With the latest GNU Telephony releases of GNU Bayonne, I have experimented with and introduced a new lightweight kind of XML based web service that I call serverResponse. This was meant to offer something functionally capable of supporting automated remote procedure callable services, but that is far simpler to operate and requires far less code to support than SOAP or even XMLRPC.
While many people have been working on the technical challenges of providing low cost computing to emerging communities, a couple of months back I had proposed a different and related challenge to my immediate friends and free software professionals from several organizations. This challenge was not based on how to deliver ever lower cost physical computing, but rather why and how such solutions can and should be delivered through free software.
Having read of Microsoft’s white paper on the use of GNU/Linux on legacy hardware, I had to laugh at the conclusions. But, to be fair, I thought it was time to update my own “legacy” laptop, a Toshiba 660CDT, with a Pentium 150, a 800x600 LCD panel, and a whole 80MB of ram installed.
The third International Forum on Free Knowledge brought together many groups and individuals interested in the development of free software worldwide to the city of Maracaibo. One reason Venezuela choose to host this event is because starting in January (2006), their new free software law, directive 3.390, comes into effect, which mandates all government agencies to migrate to free software over a two year period. I was invited to speak about Telephonia Libre: the use of free software in telecommunications.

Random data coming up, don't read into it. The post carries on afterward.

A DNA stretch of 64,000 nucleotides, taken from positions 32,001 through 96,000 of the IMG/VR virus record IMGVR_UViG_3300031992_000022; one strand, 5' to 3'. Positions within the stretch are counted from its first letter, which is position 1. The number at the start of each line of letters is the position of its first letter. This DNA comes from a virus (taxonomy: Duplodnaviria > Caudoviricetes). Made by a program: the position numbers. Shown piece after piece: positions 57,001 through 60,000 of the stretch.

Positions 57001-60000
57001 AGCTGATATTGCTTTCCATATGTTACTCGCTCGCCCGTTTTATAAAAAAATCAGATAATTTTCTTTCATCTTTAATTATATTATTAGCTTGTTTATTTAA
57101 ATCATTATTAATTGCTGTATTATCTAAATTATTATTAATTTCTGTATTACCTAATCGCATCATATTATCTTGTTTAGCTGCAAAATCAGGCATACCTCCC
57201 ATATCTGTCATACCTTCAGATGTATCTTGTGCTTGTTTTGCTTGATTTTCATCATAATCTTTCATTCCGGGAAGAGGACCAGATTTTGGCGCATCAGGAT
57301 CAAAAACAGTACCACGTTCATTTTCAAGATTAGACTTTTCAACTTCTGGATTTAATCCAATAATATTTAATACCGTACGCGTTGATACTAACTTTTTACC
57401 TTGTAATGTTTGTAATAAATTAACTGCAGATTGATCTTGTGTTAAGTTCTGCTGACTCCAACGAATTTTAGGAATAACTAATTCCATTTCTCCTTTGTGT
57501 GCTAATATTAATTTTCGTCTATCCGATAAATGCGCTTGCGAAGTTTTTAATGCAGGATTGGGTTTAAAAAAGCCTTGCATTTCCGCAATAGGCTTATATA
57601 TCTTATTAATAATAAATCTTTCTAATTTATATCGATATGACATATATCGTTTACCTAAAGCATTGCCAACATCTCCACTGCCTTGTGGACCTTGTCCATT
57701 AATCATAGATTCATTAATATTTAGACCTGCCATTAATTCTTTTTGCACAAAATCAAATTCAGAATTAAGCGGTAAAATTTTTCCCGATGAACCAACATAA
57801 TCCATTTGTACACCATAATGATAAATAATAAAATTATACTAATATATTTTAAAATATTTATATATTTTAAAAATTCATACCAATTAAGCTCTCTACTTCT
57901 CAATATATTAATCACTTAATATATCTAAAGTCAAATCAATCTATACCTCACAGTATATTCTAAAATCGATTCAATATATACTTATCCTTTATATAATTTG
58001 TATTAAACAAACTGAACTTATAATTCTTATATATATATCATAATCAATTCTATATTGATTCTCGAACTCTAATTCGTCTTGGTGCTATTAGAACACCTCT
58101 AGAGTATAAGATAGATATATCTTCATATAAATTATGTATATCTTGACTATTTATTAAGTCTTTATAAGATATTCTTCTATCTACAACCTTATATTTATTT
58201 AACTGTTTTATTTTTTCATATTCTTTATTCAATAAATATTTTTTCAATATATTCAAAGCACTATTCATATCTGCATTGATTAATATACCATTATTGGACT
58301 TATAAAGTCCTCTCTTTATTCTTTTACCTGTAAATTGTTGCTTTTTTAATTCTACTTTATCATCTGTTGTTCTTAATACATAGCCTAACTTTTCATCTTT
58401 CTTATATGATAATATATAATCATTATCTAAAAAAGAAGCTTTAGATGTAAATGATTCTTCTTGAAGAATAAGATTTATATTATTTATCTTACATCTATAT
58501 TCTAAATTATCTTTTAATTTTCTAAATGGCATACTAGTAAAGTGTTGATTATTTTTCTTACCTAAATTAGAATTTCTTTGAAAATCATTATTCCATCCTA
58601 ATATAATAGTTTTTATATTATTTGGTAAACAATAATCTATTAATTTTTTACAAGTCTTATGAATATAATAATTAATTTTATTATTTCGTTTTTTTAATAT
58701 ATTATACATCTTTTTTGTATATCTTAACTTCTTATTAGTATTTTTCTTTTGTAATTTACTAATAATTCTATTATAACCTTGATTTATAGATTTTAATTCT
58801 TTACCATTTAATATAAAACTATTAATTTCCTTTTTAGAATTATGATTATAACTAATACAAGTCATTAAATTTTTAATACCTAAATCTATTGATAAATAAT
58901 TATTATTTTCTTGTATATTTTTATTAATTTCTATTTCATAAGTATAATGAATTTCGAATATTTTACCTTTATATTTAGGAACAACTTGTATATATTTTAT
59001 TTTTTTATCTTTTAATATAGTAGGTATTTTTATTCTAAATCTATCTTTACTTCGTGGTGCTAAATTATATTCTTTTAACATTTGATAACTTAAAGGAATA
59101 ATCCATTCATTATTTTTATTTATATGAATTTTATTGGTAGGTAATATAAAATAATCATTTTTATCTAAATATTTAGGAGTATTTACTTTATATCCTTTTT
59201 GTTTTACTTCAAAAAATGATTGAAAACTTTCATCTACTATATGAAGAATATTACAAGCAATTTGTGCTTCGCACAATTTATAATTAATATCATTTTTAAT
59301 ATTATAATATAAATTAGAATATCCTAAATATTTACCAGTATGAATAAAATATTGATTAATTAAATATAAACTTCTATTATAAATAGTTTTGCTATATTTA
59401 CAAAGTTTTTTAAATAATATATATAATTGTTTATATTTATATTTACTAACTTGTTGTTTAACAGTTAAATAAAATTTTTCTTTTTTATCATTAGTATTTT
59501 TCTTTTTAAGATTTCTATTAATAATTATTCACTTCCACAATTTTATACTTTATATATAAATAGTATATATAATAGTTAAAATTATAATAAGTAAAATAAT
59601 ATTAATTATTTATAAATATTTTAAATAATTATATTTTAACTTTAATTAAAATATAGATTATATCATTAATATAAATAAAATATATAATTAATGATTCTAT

Among the many free software projects out there, I think ReactOS is particularly worth some discussion. This is an effort to create a complete, clean room re-implementation of the entire Microsoft Windows NT operating system. Here is why I think this project is important:
I have recently been asked to attend the GPLv3 conference later this month in Boston at MIT, and so I thought this was a good time to share how I personally view the GNU General Public License (GPL), and how it has touched my life.
For the moment, I will ignore the false statement of some that specifying ODF requires one to run OpenOffice. In fact, there are many products which already do so, including Koffice, AbiWord. Anyone that wishes to can produce OpenDocument compatible software, including proprietary software vendors, such as Corel, who have chosen to do so. Microsoft alone insists not that it is unable to do this, but rather that it is unwilling, and it alone demands the state choose its products and its document format instead.
Several years ago, at the eGovOS summit, Microsoft desperately tried to introduce its form of “Shared Source” as if it were a valid form of “Open Source”. And to claim their new licensing strategy they offered “freedom” to others. This effort met with extreme skepticism from me, and I wasn’t the only one. Since then, they have appeared at many free software related advocacy events, as well as using their own closed and special government conferences, and have been desperately trying to sell this idea: that “Shared Source” is “Open Source”.
I heard that at Gartner Mr. Ballmer said that one of the four areas which Microsoft believes GNU/Linux is particularly successful and where Microsoft wishes to challenge GNU/Linux is in application servers. I have often wondered why a company which makes one kind of product feels it needs to control the entire market. This is not something unique to Microsoft, as there are many corporations who feel they should be able to control the third party marketplace that utilizes their products, rather then let others choose what products and services they wish to receive.